Friday Fun: Tangling

Feeling some stress? Well, some say coloring can help. There are adult coloring books for sale, and Andersen Library supplies coloring pages on a table near the Circulation Desk. But how about drawing your own lines instead of just coloring within someone else’s? Try “tangling!”

Tangling is creating abstract drawings that use a few repetitive patterns, kind of advanced doodling but with a mindful method or process to it, and with no attempt whatsoever to represent actual objects (i.e., you don’t need to be a talented artist). The act of tangling is meditative as you focus on making one deliberate stroke at a time. If you really get into it, later you might add color to your projects, or even “tangle” on objects. But to begin and use the process for meditating, trace a 3.5-inch square on paper and then, within the square, lightly (so that it will be invisible when your tangling is done) draw a free-form “string.” Examples of strings are available online. Then draw repetitive patterns in the spaces created by the string. There’s an online list of official tangle patterns that you can use. You also can look at the newsletters at the Zentangle┬«, Inc. web site (see especially the ones that mention “New Tangle” in the contents).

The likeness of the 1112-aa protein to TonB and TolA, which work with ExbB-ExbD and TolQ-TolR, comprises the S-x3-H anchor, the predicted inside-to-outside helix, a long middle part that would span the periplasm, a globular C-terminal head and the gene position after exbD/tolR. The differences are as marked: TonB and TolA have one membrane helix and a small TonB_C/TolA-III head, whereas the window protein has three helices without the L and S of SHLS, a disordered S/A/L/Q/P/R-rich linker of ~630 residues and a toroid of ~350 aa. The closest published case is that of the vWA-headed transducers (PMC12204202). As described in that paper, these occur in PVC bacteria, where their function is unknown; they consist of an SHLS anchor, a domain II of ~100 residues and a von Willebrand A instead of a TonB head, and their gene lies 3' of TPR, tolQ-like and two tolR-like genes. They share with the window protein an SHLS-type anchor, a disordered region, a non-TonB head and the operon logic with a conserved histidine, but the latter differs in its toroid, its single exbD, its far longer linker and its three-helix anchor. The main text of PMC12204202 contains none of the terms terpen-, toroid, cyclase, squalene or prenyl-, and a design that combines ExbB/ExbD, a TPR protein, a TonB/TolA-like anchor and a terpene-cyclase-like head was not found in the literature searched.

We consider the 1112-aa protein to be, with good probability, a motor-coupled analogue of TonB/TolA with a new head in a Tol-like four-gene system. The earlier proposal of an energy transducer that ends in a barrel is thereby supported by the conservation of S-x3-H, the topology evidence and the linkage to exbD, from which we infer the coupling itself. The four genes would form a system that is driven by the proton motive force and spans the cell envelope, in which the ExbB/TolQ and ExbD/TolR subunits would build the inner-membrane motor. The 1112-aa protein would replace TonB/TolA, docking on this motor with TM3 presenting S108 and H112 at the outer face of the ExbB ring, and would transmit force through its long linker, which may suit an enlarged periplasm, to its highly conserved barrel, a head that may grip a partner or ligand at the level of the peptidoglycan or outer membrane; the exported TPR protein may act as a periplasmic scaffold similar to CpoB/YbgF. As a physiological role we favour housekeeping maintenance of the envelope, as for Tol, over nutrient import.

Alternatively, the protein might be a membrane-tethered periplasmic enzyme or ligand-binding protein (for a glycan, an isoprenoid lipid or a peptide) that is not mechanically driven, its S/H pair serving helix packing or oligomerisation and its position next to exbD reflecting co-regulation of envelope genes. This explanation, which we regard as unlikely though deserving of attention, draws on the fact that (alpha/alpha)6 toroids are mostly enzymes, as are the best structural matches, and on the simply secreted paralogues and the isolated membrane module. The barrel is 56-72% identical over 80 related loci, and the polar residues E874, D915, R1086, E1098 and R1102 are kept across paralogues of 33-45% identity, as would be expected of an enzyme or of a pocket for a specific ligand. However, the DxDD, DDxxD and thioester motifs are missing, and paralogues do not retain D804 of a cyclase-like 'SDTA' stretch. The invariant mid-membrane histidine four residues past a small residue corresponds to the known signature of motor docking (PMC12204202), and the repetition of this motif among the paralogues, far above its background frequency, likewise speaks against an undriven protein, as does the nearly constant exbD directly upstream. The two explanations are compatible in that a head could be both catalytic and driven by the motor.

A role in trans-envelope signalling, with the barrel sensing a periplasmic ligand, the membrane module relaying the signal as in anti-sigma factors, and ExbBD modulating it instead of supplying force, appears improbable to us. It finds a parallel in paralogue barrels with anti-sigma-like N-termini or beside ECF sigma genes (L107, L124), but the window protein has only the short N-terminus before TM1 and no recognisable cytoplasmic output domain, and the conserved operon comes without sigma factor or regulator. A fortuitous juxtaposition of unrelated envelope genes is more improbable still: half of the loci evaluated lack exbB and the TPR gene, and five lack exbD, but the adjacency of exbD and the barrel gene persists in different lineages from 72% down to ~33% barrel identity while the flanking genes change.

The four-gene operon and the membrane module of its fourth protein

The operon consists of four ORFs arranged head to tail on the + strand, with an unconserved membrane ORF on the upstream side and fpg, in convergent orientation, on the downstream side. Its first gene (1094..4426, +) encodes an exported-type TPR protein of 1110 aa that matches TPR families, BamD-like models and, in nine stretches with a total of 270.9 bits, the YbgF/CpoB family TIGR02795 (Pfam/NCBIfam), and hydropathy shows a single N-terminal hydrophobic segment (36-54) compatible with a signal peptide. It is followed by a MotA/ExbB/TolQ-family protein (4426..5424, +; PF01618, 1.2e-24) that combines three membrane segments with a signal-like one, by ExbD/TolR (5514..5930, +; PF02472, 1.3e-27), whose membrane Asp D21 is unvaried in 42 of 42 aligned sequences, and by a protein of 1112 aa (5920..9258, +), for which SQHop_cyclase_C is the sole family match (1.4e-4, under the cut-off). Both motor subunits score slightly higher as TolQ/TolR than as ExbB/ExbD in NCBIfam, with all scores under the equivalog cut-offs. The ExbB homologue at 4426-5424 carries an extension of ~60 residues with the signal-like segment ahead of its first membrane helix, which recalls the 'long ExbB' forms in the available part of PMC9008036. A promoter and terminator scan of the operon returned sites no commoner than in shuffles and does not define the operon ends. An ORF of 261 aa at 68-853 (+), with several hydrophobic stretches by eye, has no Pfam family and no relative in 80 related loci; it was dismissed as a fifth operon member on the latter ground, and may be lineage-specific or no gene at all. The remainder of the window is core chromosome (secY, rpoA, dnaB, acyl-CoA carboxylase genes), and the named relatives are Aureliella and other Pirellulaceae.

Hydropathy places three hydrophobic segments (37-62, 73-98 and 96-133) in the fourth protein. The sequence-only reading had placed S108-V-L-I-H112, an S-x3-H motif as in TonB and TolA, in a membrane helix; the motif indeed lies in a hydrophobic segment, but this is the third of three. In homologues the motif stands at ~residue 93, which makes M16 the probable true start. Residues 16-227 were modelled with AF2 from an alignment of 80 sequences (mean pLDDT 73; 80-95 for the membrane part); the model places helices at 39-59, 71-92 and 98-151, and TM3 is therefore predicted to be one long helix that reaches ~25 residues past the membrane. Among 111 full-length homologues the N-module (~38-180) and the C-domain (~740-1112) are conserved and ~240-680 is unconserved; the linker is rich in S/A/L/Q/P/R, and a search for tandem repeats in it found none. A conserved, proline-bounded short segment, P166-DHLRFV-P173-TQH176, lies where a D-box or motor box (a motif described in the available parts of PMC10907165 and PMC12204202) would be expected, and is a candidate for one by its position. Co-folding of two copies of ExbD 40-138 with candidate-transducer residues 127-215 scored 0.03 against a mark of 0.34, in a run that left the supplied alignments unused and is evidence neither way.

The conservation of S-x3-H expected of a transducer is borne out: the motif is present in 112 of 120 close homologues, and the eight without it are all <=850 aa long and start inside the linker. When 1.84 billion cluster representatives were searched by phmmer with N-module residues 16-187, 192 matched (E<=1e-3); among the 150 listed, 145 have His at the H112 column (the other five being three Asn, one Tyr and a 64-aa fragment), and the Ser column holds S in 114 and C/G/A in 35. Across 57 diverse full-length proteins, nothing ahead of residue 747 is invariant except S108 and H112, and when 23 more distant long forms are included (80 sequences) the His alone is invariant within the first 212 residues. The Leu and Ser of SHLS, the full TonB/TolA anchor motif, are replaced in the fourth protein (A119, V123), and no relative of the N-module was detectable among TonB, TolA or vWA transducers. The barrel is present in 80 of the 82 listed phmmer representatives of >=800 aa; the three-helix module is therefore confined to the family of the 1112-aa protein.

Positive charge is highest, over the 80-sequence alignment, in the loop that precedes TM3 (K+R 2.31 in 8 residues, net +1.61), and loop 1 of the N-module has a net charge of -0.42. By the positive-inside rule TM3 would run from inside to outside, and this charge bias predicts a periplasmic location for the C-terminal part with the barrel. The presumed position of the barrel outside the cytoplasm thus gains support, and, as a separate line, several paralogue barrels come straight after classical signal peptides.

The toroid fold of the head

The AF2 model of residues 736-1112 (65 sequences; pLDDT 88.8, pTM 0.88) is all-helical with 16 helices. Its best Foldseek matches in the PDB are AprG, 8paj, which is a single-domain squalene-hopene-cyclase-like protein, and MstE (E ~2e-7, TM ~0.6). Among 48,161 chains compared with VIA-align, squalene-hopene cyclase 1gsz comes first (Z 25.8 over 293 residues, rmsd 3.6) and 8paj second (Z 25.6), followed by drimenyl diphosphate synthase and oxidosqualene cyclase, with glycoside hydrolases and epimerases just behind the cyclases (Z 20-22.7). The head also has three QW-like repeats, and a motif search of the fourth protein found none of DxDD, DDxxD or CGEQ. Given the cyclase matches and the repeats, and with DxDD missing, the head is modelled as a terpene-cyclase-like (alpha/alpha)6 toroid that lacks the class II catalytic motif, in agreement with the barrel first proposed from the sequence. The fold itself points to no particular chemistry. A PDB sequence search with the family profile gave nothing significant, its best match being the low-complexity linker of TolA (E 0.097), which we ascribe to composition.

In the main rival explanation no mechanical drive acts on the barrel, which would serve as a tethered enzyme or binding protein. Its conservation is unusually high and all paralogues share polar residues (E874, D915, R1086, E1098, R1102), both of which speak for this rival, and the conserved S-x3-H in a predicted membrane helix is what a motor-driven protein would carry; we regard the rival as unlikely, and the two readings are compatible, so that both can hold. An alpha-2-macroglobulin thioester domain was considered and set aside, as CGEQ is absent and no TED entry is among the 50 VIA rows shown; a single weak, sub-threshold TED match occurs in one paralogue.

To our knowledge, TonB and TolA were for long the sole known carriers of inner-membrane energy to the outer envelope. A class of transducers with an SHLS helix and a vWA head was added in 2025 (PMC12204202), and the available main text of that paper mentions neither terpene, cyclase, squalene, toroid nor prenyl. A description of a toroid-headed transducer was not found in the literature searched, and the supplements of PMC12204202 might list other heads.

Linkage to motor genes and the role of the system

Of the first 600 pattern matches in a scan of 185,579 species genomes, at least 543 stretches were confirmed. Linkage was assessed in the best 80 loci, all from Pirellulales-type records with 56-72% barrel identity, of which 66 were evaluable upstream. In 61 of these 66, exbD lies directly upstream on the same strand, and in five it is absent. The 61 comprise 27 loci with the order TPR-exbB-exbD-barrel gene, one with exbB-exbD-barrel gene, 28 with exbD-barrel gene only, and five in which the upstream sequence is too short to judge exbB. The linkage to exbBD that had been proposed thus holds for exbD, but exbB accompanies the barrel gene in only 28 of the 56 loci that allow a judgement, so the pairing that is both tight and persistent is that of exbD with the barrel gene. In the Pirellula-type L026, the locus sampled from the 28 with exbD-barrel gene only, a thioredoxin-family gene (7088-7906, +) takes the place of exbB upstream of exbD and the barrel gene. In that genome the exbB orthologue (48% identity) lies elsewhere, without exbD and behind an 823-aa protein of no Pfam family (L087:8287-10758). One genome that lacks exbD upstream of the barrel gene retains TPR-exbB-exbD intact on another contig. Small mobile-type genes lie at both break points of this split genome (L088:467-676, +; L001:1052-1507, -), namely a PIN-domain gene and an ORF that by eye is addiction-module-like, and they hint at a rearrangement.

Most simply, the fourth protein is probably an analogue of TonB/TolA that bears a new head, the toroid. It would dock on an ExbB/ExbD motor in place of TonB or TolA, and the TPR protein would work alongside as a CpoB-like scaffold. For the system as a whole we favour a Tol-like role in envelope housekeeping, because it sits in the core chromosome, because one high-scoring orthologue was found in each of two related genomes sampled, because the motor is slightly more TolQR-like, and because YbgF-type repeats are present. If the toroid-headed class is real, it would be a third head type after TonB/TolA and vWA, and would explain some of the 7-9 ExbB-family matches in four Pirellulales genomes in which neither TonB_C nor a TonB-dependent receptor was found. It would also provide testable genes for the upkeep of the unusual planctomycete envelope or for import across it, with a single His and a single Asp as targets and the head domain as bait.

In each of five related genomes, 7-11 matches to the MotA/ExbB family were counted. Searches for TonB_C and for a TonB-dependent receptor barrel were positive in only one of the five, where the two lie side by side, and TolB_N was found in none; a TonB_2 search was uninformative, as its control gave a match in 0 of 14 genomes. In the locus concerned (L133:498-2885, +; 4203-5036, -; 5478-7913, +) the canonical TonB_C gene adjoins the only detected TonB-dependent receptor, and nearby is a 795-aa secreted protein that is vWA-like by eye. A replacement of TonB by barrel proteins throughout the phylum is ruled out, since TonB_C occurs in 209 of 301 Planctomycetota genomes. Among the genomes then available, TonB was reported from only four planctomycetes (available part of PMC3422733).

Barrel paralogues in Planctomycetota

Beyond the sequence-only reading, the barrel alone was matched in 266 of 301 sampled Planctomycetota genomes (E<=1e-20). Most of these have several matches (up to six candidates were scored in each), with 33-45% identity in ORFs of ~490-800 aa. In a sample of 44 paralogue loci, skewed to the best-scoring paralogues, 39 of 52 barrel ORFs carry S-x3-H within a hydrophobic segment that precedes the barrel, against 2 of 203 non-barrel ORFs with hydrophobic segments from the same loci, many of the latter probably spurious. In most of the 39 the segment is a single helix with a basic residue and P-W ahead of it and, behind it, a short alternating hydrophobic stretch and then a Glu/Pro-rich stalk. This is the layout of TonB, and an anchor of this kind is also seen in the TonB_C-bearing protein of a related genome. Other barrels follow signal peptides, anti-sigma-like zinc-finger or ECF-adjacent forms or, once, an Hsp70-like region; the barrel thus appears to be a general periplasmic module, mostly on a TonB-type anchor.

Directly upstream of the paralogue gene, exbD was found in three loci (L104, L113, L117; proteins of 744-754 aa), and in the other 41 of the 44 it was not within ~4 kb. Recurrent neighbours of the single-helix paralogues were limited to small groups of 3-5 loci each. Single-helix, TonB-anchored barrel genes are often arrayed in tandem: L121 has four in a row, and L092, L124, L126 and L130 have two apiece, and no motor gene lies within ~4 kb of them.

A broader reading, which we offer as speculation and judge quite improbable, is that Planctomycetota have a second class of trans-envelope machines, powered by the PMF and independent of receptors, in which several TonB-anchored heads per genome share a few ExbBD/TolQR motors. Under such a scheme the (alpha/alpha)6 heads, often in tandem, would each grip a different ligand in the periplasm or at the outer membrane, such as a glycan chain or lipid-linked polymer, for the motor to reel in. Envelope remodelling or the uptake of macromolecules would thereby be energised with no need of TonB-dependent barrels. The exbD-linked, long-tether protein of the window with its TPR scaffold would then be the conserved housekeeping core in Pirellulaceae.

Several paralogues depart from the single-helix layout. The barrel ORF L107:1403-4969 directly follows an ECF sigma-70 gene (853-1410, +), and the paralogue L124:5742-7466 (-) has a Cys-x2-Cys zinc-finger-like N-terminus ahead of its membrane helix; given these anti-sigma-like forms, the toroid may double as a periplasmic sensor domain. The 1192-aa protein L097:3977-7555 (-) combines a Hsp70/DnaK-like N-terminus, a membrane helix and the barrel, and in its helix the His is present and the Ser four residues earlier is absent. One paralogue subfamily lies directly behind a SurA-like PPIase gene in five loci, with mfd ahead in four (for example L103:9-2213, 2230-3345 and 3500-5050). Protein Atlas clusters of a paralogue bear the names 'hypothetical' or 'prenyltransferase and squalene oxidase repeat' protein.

I strongly recommend reading “How to make a Zentangle” (at Wiki-How), “What is a Zentangle?” (by Certified Zentangle Teacher Linda Farmer, who also created the string and pattern pages linked above), and “On understanding Zentangle” (by Sandy Hunter, another CZT) to get started.

There are Library resources available for learning more. Through Research@UWW, UWW students or staff can use the free UW Request service to borrow these books from other UWs: Totally tangled: Zentangle and beyond and Zen mandalas: Sacred circles inspired by Zentangle. There also are articles on the topic of adults using coloring as stress relief, and not all are supportive. Read, for example, “Why adults are buying coloring books (for themselves)” at The New Yorker web site, and “Color me trendy” (Publishers Weekly, 8/3/2015, vol.262:no.31, pp.26-27) about the phenomenon of adult coloring books sales.


Thank you, Anne, for bringing this to my attention.

Note: The Zentangle® art form and method was created by Rick Roberts and Maria Thomas and is copyrighted.

About Barbara

I am a Reference & Instruction librarian, head of that department in Andersen Library, an associate professor, and a member of the General Education Review Committee and Faculty Senate. I've been working at UW-W since July 1, 1990.
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